Summary of “Grades and Money” by Steven Vogel
When someone asks you why earning a higher grade in class is important to receive, your first response might be to help increase your grade point average (GPA). But why is a high GPA so coveted? Is it to get into a good post graduate school? But then why is this important? You would probably respond by saying to create more opportunities for yourself when it comes to a career to venture in. These are the questions that Steven Vogel dives into, and gets to the point that through all of these questions lead up to one underlying factor that grades are money and learning is what is paid for. He believes students will attempt to maximize their returns by learning the minimum necessary to get the optimal grade. Money, Vogel states, is in fact the definition of grades, and that our entire grading system is based of reaching the needs of a course syllabus rather than actually trying to gain the knowledge that is provided when learning the content.
Vogel starts off his argument by recalling a time when he was in college in the 1970’s. He explains that back in that time, people made it a point not to talk about their grades, which very much differs from the status quo of college students now. “And what strikes me today is how different my students are: they talk about their grades all the time” Vogel explains. “They argue and gossip about them, complain to me and my colleagues about them, orient their whole college lives, as far as I can tell, around them.” Through this comparison he made with these different generations of students, he then recalls reading about how President Bill Clinton was proposing a tax deduction in tuition for all college students. He goes on to say that he was bothered by this but couldn’t figure out why. “Everybody in the world of higher education…pays lip service to the idea that the point of education is, well, to get educated.” By this, he means that there is this growing sense of people in the world of higher education that state what is supposed to be going on as far as educating students; that the learning is the goal, not the grades. But as he describes as “lip service”, the people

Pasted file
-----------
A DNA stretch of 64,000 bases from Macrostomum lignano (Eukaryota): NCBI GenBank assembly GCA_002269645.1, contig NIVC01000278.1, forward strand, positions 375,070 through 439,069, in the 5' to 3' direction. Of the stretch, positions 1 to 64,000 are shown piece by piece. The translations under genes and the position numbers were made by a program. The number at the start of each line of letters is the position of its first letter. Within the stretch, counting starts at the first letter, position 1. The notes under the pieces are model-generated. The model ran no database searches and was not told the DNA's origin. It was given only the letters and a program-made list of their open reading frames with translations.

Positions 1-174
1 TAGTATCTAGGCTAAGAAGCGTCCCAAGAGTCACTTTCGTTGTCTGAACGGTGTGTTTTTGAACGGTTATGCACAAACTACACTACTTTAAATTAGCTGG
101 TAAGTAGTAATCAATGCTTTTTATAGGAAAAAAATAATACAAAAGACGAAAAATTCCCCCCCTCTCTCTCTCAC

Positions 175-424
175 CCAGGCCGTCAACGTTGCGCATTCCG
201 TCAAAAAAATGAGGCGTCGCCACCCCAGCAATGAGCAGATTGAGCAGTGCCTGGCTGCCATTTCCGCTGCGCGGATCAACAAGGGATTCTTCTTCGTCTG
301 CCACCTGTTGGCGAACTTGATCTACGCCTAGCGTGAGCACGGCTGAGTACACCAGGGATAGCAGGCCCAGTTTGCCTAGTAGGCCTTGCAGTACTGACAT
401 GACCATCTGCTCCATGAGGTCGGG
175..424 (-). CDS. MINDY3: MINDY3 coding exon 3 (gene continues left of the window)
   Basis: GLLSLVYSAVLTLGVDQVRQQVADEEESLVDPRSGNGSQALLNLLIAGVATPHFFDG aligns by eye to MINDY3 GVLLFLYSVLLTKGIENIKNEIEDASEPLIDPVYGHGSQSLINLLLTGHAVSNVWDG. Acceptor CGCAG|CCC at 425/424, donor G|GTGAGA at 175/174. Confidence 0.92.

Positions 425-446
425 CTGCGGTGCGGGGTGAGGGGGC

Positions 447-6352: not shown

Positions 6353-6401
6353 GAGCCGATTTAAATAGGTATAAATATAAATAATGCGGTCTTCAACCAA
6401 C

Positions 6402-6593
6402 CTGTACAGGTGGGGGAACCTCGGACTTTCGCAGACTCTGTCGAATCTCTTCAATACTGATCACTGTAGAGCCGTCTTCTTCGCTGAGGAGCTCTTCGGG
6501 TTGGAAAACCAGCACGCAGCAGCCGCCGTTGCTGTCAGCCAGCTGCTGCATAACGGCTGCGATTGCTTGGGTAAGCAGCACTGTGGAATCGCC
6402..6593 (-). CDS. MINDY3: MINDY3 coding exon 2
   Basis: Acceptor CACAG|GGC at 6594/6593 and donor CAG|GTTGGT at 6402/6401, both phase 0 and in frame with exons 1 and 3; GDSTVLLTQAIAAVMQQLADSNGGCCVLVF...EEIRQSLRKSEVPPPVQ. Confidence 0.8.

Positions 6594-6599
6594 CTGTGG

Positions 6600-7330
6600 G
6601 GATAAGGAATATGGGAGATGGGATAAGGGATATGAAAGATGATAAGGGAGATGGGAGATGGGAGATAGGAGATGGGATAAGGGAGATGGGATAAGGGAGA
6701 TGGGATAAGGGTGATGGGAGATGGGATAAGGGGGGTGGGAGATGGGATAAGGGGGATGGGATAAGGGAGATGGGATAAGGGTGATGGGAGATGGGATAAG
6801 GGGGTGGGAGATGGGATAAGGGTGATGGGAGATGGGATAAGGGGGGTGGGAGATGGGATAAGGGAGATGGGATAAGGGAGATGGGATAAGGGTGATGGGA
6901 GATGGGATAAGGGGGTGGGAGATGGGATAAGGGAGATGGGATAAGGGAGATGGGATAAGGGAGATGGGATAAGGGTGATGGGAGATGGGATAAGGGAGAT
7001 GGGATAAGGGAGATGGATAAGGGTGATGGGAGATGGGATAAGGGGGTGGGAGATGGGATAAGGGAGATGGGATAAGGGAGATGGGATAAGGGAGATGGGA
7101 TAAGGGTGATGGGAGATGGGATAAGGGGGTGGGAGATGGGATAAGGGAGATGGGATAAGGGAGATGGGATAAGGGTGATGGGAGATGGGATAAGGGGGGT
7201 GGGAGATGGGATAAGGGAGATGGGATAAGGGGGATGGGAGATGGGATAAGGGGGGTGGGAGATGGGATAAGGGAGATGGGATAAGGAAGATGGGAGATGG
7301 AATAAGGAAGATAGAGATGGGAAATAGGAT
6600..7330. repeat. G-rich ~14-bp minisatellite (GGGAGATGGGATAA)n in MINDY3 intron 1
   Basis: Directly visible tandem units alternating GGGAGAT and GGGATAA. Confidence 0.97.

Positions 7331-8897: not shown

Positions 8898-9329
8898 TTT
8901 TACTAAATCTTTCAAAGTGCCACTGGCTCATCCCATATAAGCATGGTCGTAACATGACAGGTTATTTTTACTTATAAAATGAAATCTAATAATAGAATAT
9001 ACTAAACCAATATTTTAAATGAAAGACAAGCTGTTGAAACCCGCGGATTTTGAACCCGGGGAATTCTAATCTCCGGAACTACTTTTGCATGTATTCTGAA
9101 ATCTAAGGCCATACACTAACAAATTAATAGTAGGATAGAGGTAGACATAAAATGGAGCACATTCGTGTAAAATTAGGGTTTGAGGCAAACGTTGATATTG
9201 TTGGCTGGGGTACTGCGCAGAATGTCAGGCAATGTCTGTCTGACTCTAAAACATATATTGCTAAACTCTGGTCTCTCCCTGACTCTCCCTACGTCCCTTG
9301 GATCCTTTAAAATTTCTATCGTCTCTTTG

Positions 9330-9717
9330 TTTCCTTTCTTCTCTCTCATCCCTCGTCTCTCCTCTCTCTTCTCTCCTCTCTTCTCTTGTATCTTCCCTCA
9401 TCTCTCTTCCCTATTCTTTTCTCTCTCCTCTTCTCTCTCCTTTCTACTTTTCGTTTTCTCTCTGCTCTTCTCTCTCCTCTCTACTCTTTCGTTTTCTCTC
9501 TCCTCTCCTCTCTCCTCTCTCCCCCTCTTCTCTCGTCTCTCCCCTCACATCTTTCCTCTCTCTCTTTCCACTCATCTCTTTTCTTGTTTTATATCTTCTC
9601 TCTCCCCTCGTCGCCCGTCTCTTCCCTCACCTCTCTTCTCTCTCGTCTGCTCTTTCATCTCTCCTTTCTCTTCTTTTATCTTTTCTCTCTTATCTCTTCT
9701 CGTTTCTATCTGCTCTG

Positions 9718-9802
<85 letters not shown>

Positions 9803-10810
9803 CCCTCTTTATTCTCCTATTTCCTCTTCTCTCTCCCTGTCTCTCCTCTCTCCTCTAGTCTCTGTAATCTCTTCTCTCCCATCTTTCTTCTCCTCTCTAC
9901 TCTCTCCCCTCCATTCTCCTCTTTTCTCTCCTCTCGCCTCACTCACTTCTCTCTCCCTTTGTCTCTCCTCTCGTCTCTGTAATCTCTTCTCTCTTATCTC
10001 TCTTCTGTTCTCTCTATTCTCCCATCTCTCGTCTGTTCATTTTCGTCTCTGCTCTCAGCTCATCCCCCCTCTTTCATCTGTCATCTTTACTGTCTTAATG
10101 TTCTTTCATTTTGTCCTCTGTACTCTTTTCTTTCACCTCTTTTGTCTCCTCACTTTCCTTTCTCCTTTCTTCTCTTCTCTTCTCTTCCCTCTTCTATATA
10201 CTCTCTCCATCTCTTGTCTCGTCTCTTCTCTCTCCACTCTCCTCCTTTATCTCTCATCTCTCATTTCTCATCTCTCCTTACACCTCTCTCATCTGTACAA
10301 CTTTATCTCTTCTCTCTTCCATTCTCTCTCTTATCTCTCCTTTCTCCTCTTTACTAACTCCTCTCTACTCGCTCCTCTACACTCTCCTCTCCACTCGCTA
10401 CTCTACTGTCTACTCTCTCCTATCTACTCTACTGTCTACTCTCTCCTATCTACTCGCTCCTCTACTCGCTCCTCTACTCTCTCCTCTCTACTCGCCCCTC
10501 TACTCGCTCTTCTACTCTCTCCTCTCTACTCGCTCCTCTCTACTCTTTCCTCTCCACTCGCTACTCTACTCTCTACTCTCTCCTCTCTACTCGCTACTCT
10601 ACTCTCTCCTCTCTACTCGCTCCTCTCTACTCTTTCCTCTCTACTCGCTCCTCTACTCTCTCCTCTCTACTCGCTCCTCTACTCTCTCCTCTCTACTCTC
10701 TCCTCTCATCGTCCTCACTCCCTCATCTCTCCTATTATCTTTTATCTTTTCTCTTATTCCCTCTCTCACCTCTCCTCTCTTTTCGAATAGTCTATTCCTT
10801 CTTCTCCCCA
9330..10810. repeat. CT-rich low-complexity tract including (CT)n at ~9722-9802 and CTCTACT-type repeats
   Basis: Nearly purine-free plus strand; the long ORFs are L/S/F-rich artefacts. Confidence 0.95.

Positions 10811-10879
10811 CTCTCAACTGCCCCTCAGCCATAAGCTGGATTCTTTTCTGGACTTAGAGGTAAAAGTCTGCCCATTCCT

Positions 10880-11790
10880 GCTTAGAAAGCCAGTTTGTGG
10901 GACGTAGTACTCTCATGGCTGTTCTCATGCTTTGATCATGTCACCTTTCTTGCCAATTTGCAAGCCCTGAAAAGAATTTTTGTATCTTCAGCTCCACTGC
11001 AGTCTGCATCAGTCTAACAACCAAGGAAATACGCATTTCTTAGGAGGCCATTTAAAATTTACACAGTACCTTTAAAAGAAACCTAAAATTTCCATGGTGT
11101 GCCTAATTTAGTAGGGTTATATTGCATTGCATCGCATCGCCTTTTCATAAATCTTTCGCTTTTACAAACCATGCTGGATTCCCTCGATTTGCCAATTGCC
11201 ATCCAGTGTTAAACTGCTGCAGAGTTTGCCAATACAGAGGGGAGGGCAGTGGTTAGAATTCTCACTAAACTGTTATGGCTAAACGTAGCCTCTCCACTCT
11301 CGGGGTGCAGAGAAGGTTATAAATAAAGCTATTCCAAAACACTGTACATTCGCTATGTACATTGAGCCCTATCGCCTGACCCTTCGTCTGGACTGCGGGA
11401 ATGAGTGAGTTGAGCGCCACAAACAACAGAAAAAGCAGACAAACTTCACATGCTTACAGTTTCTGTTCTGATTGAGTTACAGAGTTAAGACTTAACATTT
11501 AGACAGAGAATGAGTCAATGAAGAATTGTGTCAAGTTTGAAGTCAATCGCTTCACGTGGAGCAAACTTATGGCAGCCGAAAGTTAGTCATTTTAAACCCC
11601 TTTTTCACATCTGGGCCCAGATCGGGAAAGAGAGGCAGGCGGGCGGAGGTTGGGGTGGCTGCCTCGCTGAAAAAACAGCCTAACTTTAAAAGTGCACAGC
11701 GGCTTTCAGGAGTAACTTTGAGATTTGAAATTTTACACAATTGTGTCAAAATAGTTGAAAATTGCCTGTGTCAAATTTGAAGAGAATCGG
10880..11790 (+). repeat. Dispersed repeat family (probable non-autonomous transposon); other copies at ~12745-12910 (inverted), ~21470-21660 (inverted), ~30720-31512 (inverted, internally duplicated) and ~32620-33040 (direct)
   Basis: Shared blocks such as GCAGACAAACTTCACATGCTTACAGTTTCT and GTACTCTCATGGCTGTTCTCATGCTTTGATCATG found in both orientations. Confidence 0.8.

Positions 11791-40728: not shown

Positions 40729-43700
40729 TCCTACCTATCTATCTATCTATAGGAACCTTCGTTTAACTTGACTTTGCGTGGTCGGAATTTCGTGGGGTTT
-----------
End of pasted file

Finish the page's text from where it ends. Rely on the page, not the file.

in the world of higher education seem to be saying one thing and doing another.
Vogel then starts to explain what grades should actually be founded on besides money. “What grades ought to be is a report nothing more: how did the student do, how much did he or she learn, how much were his or her skills and critical self-consciousness and knowledge of the world expanded?” Vogel states. He believes that these aspects of a student that should be shown in grades is getting diminished by the overwhelming concern of tuition, GPA’s, and future employment; again, money being the underlying factor of these concerns. Vogel explains his relationship to his current students as an “exchange relationship”. In fact, most of the vocabulary and word usage used in Vogel’s article are words that are familiarized in the conversing of money. For example, in paragraph seven he refers to his class syllabus as a “contract”, and even uses the term “docking grades” in relation to a bank contract if you had a late fee. Whereas in this case, he relates it to late work assignments in class. Then Vogel starts to explain the faculty side of this system of “grades being money”. “If grades are money, for us they are funny money, Monopoly money, because it costs us nothing to give them out—and no more; except in terms of our self-image, to give out an A than a C.”. This explanation tries to focus on the idea that teachers have some type of overwhelming power as far as just freelancing and handing out grades simply only considering your self-image beforehand. This extended metaphor is effective, but I don’t necessarily agree with this logic. If the professors are as adamant as Steven Vogel is perceived in this, and want to make grades more about knowledge rather than financial statuses, then this shouldn’t be a problem with the right teacher understanding the value and importance of understanding school material, right?
As you go through the last page of this article, you can infer by his tone and diction that he uses ethos, pathos, and logos to persuade into the idea that money in general has downgraded, and polluted newfound learning for future students. With credibility (his job as a professor) considered, and also logical and emotional approaches throughout, you can see that Vogel is
passionate about the topic at hand. Vogel uses very well described, and easy-to-follow examples and stories that intrigues you to “open your eyes” per say, and realize what exactly what your true motive is in school; is it to make yourself better and gain as much knowledge as possible, or is it just to simply stay afloat financially, and use the most minimal effort possible in receiving your appropriate grade. Although Vogel effectively makes his point, and delivers it in a way that college students like me can fully understand, there wasn’t a sufficient solution to this epidemic that he perceives is going on in this grading system world, which makes his position on this topic slightly less effective than what it could’ve been if he had provided an adequate solution. All in all, Vogel’s take on the relationship between grades and money is clear, cut, and very self-explanatory through reading. “We let grades count as money—we let education count as money—because money, nowadays, is the only value we know.”
Vogel, Steven. “Grades and Money.” Reading and Writing in the Academic Community. n.d. 389-392. Print.